A business case. The lack of one is the big elephant in the room that the whole debate around the Constitutional Reform agenda seems to be tiptoeing around. Constitional Reform is a textbook replacement problem. See it from a Project Management Lifecycle (PMLC) perspective and this becomes quite evident.
Most PMLC schools of thought (management consultants tend to develop different flavours of it for their respective consulting brand quackery) define five key lifecycle stages: Propose, Investigate, Design, Build, and Test. For big implementation projects, initial funding approval is conditional on the basis of a solid business case to proceed.
The Investigation stage is usually the most crucial stage. It is where user requirements and solution options are identified, itemised, articulated, and costed. Any evaluations of the options presented on the basis of their benefits (or, more broadly, added-value) can only be in the context of the cost of the whole exercise.
The bottom line of any change initiative in the Philippines — reduction of poverty — is something nobody in the National “Debate” seems to have any disagreement on. Say then that the benefit part of the business equation is “reduction of poverty”. What are the options then to consider for the cost side of the equation? Obviously there are two broad options:
(1) Do nothing (i.e. continue using the current Constition for the foreseeable future).
(2) Change the Constitution
The first costs nothing. The second will cost us in terms of:
(2.a) The actual administrative costs of organising the movement, convening the investigation and design forum, and implementing (agreeing and ratifying) the new charter.
(2.b) Continuity costs in terms of disruption to governance and distraction of a population that tends to fixate on political circuses (as if elections every six years isn’t an already costly distraction in a Third World society like ours).
(2.c) Risk profile; i.e., is the problem with Filipinos really to do with the nature of our politics?
In short, there is only one benefit of any real consequence in the bigger scheme of things and two options and their costs against which this one benefit should be evaluated against in a proper cost-benefit analysis.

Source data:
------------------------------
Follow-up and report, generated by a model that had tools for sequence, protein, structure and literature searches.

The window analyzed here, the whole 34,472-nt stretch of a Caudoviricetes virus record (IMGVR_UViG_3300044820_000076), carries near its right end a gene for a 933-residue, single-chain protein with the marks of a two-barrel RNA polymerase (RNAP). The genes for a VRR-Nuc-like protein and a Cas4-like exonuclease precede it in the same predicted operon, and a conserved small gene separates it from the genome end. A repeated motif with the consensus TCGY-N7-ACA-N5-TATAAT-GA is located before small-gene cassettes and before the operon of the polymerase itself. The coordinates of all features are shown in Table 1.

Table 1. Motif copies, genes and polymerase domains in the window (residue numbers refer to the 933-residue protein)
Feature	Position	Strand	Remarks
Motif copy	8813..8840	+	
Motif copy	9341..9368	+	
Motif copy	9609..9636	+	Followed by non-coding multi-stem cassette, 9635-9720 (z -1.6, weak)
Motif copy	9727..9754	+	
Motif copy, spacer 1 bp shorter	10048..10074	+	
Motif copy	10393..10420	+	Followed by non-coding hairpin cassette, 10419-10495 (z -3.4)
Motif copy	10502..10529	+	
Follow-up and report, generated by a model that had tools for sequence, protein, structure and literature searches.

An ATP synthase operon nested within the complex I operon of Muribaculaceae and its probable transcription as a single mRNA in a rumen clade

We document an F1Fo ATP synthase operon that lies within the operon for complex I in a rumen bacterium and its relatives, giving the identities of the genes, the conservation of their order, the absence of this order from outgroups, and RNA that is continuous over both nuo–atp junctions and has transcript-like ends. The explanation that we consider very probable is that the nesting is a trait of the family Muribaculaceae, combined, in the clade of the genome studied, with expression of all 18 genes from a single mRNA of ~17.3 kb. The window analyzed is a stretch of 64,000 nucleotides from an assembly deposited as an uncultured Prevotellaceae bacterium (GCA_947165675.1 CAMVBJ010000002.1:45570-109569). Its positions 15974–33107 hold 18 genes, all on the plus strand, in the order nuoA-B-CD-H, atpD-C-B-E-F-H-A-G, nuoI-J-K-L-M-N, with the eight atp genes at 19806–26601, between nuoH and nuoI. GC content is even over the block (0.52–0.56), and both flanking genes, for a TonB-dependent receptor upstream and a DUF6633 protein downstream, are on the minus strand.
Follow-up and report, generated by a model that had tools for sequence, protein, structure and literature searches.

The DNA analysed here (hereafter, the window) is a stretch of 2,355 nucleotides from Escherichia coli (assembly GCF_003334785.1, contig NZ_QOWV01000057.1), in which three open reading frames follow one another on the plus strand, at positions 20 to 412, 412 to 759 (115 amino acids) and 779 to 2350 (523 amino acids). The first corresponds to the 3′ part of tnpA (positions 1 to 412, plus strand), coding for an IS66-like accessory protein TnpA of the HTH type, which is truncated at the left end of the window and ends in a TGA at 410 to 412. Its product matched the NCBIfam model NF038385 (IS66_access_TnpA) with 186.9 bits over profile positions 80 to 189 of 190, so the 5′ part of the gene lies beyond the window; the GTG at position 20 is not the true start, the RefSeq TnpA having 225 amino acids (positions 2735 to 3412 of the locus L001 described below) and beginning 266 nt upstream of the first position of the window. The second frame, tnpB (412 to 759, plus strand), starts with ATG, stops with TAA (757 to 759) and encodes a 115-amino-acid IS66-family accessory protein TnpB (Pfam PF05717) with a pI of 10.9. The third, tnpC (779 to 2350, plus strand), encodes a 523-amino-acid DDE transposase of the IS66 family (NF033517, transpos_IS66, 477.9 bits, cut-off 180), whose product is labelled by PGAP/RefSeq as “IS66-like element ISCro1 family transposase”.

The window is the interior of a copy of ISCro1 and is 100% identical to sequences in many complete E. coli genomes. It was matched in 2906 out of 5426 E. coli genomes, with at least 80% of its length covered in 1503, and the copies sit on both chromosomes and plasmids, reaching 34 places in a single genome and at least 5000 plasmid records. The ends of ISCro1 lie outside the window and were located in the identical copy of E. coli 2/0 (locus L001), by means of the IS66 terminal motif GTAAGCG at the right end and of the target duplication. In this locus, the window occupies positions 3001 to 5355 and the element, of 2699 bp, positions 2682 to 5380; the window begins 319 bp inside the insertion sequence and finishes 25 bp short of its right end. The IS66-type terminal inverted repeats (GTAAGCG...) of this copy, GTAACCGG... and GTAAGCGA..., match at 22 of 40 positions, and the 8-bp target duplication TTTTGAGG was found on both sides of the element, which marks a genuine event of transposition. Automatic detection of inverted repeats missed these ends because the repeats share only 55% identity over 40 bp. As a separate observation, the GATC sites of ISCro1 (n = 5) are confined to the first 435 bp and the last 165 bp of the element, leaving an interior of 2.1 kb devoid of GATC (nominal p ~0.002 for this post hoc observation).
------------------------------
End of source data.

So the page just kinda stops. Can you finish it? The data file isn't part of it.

The obvious question when replacing an asset (our current pseudo-US-style Presidential system) then becomes quite simple:
Have we already been using this asset in its existing form in an optimal way?
Specifically, does this current system offer us enough room to move which we simply refuse to or lack the brains to harvest?
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We need to be careful and make sure we don’t gather up unhealthy momentum that may reduce our ability to remain reflective and introspective about certain belief systems that could be starting to snowball. The holding up of Presidential Systems and Oligarchs as strawmen or bogeymen should be avoided and we should, instead, remain focused on the whole point of such exercises and initiatives lest we ourselves get blinkered by our own zealous agenda-driven rush towards an as yet uncrystallised solution that could deliver ill-understood outcomes.
Perhaps for our own benefit, as Ben Kritz points out, we need to encourage people who are opposed to constitional reform to come up with more modern and more robust arguments to make sure that a balance is maintained and that the constitional reform agenda is not perverted by unhealthy popularity.
Answering the question of whether we have exhausted all efforts to derive as much value as we can from the current system of governance is the key to anyone who opposes Constitutional Reform coming out as an intelligent challenge to it. This is what I mean when I cite the opposers’ need to modernise their approach and leave behind the old moronic style of politicising the debate the way relics of 1980’s thinking like Ellen Tordesillas do by insulting the intelligence of the public in the way she applies quaint scare tactics that tend to work on the smallest minds of our society.